Everyday People: James Sabi

I’ve been working with the then Department of Environment and Conservation since 1988, now we are referred to as CEPA. I am responsible for ‘Terrestrial Ecosystem Management’, its land based eco system.

So that’s basically what I do. And mainly the work we do is conservation, Biodiversity conservation. So ol bush animal and whatever we are able to protect. We protect and care for all types of animals in the bush so that’s the main work we do. 

I am married to Goilala, Central Province. My wife also is a scientist who used to work with the department. She used to do water quality testing and with the mining operations. But now she left to go into politics. Now tried two times running already but right now she’s in the village to attend to her uncle’s death. She’s waiting for a chance to return to Port Moresby because transport is only by chopper.

I have four children, two boys and two girls. Two are still in primary school, but in upper primary. Though I started work in 1988, I am still going strong and I like my job because it’s working with the environment. It’s basically what you see around you, unlike other countries. You can’t see any forest. All they do is try to use a small part where they try to grow the tree on a house just to get have forest.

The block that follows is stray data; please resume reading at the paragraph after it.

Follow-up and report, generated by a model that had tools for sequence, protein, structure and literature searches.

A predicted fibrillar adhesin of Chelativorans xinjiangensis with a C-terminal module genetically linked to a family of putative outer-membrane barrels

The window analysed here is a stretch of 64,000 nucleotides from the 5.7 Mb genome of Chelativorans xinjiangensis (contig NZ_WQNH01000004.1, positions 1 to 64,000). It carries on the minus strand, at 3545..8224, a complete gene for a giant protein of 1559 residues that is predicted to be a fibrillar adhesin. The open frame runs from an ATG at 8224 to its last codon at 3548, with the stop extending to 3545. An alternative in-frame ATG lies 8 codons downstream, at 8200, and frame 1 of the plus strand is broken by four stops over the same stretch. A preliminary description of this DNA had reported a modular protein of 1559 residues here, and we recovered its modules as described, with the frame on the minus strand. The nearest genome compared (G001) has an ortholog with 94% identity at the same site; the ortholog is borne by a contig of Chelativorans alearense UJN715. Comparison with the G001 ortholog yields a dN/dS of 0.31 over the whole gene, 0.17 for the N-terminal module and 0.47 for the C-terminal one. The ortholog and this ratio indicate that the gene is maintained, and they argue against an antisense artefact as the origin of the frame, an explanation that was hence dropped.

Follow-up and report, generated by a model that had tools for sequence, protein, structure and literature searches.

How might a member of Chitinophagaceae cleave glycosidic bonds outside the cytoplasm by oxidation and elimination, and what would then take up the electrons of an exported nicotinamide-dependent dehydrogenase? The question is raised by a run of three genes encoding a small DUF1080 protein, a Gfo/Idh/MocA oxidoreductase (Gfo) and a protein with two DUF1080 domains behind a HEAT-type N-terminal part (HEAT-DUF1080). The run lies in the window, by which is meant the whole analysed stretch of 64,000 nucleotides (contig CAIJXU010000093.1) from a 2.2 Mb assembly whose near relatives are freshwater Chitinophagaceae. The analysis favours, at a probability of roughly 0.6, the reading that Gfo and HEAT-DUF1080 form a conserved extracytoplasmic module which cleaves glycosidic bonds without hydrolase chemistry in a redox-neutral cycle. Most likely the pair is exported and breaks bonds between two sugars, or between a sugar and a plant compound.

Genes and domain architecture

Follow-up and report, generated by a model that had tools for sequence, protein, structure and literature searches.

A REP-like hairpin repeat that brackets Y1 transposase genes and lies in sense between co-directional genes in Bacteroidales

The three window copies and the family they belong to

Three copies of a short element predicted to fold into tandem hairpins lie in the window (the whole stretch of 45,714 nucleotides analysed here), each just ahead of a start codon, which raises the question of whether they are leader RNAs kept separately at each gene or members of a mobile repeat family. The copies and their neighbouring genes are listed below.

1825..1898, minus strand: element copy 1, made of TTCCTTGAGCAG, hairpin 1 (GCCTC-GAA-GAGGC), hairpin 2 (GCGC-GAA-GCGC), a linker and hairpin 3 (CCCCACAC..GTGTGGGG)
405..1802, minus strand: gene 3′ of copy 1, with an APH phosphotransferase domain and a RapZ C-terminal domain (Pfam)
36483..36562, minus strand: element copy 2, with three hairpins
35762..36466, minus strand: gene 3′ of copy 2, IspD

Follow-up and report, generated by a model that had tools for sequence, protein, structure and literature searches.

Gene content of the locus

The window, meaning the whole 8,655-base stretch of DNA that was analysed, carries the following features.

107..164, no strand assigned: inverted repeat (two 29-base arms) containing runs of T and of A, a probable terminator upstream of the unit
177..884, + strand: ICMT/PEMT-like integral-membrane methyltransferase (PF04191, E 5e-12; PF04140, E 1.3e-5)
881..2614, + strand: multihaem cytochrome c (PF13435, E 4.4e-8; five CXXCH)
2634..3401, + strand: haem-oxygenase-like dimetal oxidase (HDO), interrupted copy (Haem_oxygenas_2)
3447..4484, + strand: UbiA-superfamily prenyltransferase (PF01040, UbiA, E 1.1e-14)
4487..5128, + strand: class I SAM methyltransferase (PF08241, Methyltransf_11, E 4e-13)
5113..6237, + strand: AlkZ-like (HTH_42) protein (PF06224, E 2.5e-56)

Now we have the environment and I want us to protect that so we can live a healthy life. That’s why I stick to what I’m doing. We have about 60 protected areas in Papua New Guinea, not many but we’re still trying to increase the number. In Madang we only have 9 but none in Bogia yet. Maybe Hanza Bay. Hanza Bay would be the next one. It has part of the heritage also from the war.

Frieda Kana